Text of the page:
Add to the navigation of this maze-like house a few dark doors that lead to other parts of the level when entered, and you have the recipe for fun, fun, wish I was done. I just wish I knew where I was when I came OUT of a doorway. Everything looks the same around here!

The pause function is broken. Anyone who has a Sega Master System knows that the pause button is on the console itself, so it's not the button. It's the function itself. Oh, it pauses the game, for sure... while stopping on whatever sound you hit the button on and never letting go until you unpause. Nothing beats taking a bathroom break while hearing the wraithlike squeals of a Master System gone berserk. It's just a titch worse than the annoying crunchy twinkle sound Mick makes whenever he walks ANYWHERE. But at least that button is what it's supposed to be. Goodness, Sega decided to take what Nintendo did well and mess it up by making the standard jump button punch and the standard punch button make Mick jump. It's backwards thinking like that which made Sonic the Hedgehog a laughingstock for ten years.


Stop hiring your children's children to create your promotional artwork. At least the in-game graphics are what think I'll describe as "functional". Only semi-ugly. The ghosts look like ghosts, even if they're blue. Dracula has a really large head here, but that design choice was probably implemented to slightly distract me from the fact that every, EVERY platform in the entire game is made of two layers of bricks. Whose house has bricks on the INSIDE?!

You won't finish Ghost House. You really won't. And it's not because the title screen is impressively effort-free, but because the game is simply too challenging to bother with. I see what they were going for with having to explore a spooky haunted house and such. People seem to enjoy that. No, the combination of surviving with a weak punch, fighting vampires with little intention of dying at the hands of some "normal-looking guy", limited lives with high difficulty, and the sheer repetitiveness of everything you do may have set Ghost House back into obscurity as soon as it was released. Sega hasn't done a darn thing with the game since its release in 1986; they haven't even slapped it on any modern console with a five-dollar price tag, as they like to do. It's a Ghost Louse of a game.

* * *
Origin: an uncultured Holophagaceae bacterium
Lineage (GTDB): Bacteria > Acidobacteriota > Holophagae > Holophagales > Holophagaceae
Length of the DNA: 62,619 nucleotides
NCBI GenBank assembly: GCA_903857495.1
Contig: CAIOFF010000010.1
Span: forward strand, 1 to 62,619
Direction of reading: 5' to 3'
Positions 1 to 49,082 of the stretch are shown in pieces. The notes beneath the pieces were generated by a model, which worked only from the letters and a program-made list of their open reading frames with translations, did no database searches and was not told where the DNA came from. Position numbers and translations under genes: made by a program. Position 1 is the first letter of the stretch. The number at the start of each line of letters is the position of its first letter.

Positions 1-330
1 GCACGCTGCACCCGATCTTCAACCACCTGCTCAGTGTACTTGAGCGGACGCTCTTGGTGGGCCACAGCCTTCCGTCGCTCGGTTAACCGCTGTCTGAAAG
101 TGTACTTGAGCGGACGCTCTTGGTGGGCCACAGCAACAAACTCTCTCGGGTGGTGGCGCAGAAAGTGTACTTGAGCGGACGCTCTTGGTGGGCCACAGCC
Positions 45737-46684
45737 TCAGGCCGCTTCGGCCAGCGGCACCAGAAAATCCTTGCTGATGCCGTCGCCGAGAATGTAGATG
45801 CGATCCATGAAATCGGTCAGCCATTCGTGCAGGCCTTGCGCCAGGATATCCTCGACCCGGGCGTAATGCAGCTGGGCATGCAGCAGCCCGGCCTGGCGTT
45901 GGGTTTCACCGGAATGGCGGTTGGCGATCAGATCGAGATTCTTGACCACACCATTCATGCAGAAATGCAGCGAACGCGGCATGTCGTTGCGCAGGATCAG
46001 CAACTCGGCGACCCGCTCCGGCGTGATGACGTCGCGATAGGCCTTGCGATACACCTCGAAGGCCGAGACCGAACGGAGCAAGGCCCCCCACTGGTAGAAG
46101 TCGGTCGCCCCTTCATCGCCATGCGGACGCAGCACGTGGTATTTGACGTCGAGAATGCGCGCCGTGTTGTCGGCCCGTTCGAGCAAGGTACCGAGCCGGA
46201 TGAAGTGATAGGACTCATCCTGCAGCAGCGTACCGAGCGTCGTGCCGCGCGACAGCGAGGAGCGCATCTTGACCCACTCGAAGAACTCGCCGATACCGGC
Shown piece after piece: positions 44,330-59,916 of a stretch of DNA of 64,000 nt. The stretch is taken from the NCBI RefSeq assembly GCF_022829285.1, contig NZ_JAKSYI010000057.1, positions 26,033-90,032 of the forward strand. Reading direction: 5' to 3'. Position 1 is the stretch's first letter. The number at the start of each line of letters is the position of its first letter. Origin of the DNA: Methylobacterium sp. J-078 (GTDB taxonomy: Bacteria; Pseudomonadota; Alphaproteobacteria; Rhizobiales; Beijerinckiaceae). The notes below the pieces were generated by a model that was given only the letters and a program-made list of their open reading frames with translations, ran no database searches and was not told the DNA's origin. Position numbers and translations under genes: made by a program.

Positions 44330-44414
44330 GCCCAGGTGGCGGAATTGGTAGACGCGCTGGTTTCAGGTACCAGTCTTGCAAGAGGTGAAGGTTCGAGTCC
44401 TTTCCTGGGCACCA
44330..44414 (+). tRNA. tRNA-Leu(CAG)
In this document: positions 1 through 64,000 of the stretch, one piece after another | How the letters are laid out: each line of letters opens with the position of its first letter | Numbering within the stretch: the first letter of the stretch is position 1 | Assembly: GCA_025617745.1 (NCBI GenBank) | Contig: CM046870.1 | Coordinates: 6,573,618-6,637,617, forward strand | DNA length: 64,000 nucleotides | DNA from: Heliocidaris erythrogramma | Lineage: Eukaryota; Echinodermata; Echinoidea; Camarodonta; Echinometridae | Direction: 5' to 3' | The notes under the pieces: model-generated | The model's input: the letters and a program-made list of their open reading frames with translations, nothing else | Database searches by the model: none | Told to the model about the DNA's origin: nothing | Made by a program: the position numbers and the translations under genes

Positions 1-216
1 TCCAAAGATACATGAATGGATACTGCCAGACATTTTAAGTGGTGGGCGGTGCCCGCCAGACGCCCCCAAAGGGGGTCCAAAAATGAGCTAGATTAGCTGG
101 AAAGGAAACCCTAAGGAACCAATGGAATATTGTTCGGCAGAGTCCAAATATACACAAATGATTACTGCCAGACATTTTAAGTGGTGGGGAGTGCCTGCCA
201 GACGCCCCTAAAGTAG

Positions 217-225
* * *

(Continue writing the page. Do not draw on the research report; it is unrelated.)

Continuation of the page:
Even if Sega wants us to never remember, leave it to the fine citizens of Brazil to keep this puppy alive. The Master System lives on in that South American country, where the console is literally still selling in the hundreds of thousands. The company responsible is Tectoy, who, in 1993, re-released this game in Brazil as "Chapolim x Dracula: Um Duelo Assustador", using the license from a 70s Mexican show known for its superhero parodies, "El Chapulín Colorado", as its source material. Mick is now a hero in a crimson insect costume. The game is mostly the same, save for some revamped graphics. They didn't dare touch that bland brick platform motif, though. That stuff is pure "ouro".